Thirteen Afghan security forces killed as Taliban militants attack checkpoint in Kabul

An Afghan National Army soldier keeps watch near the site of a suicide attack in Kabul, Afghanistan.

The Taliban launched an attack early on Monday on a newly established joint Afghan army and police checkpoint in eastern Ghazni province, killing at least 13 soldiers and policemen, according to a provincial official.

Afghan reinforcements were subsequently dispatched to the site of the attack in Khogyani district but were repeatedly ambushed along the way. And late on Sunday night, a Taliban attack in southern Kandahar province killed at least four policemen.

The assaults came as a resurgent Taliban hold nearly half of Afghanistan, with near-daily attacks on Afghan security forces. The Taliban view the U.S.-backed government in Kabul as a dysfunctional Western puppet and have refused repeated offers to negotiate with it.

Arif Noori, spokesman for the provincial governor in Ghazni, said seven soldiers and six policemen were killed in Monday’s attack on the checkpoint, and four soldiers were wounded.

According to Noori, six insurgents were killed and more than 10 others were wounded during the ensuing three-hour battle with Afghan forces. Zabihullah Mujahid, a Taliban spokesman, claimed responsibility for the Ghazni and Kandahar attack.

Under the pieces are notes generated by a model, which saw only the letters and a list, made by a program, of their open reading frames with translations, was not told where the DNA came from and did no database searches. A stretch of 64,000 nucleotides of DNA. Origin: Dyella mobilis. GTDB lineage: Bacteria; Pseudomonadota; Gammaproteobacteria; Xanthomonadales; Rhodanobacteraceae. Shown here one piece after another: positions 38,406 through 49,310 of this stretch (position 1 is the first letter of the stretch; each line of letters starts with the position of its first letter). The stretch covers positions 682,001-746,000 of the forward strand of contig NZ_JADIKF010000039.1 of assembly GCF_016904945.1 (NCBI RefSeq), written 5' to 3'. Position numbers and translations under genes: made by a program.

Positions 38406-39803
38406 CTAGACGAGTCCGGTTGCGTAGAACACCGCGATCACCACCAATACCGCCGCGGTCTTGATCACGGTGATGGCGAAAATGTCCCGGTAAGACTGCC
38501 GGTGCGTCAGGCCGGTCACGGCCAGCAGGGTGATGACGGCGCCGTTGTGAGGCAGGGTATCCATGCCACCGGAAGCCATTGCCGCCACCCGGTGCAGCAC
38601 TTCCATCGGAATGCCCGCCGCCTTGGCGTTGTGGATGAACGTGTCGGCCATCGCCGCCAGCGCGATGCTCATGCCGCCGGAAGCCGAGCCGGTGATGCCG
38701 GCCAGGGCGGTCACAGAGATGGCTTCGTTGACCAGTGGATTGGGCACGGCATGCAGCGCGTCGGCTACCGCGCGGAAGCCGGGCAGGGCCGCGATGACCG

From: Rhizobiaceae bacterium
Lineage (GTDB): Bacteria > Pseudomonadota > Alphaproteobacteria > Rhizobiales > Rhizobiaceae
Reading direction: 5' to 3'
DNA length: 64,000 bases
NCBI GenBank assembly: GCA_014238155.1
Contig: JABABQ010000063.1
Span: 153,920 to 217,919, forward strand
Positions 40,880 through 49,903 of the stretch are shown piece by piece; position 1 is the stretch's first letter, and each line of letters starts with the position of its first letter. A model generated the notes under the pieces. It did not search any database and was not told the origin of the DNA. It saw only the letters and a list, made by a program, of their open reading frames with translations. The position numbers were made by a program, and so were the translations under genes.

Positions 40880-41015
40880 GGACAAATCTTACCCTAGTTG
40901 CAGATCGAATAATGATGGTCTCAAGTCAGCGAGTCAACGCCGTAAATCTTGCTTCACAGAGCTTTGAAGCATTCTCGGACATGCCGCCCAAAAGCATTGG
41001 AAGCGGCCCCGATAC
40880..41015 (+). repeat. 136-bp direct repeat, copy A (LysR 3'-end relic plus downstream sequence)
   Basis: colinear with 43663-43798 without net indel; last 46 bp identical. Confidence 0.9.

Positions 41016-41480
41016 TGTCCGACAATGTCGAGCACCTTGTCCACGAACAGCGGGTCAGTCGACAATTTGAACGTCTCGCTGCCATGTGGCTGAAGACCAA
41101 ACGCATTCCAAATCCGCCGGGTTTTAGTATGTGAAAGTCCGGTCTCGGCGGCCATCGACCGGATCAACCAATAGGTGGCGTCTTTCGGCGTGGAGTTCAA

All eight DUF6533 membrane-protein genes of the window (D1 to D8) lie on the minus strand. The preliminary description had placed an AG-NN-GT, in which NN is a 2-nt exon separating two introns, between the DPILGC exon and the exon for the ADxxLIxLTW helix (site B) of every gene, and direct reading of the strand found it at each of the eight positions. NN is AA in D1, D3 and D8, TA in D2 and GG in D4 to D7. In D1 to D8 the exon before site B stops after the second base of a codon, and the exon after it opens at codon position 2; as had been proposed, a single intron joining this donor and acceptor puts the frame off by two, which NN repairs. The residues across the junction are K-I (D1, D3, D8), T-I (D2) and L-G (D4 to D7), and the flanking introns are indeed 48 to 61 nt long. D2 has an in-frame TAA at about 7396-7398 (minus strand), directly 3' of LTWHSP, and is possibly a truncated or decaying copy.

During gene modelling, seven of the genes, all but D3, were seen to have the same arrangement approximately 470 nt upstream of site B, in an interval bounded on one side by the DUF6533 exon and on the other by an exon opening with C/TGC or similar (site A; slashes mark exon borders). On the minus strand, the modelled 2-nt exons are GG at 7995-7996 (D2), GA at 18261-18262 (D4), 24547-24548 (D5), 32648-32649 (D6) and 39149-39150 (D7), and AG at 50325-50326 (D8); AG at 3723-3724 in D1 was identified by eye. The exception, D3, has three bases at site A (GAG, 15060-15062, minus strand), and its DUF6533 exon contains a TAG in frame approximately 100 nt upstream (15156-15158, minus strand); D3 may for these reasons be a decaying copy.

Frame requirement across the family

The joint army-police checkpoint was set up just two days ago in a strategic area to cut off a key supply route for the Taliban but was now completely burned down and destroyed, Noori said.

“Reinforcements were rushed to assist the forces under attack but they were ambushed by other Taliban fighters at least four times while on their way to the checkpoint,” said Noori.

The Taliban have stepped up attacks in volatile Ghazni, and in August overran parts of the provincial capital, also called Ghazni. At the time, hundreds of people fled the city amid intense fighting between Afghan forces and the Taliban that killed about 120 members of the security forces and civilians. According to Afghan authorities, nearly 200 insurgents, many of them foreign fighters, were also killed.

Ghazni is the only one out of 34 Afghan provinces where the country’s October parliamentary elections could not take place for security reasons. Voting there has been postponed for a year.

In the Kandahar attack on Sunday night, along with the four policemen killed, the Taliban also wounded two others, according to Aziz Ahmad Azizi, the provincial governor’s spokesman. He said six insurgents were also killed, and seven were wounded in Khakrez district, where a checkpoint was also attacked. He said the Taliban fled the area after their attack was repelled.

Elections were delayed for a week in Kandahar after an attack by an elite Afghan guard killed two top government officials , including a powerful provincial police chief.

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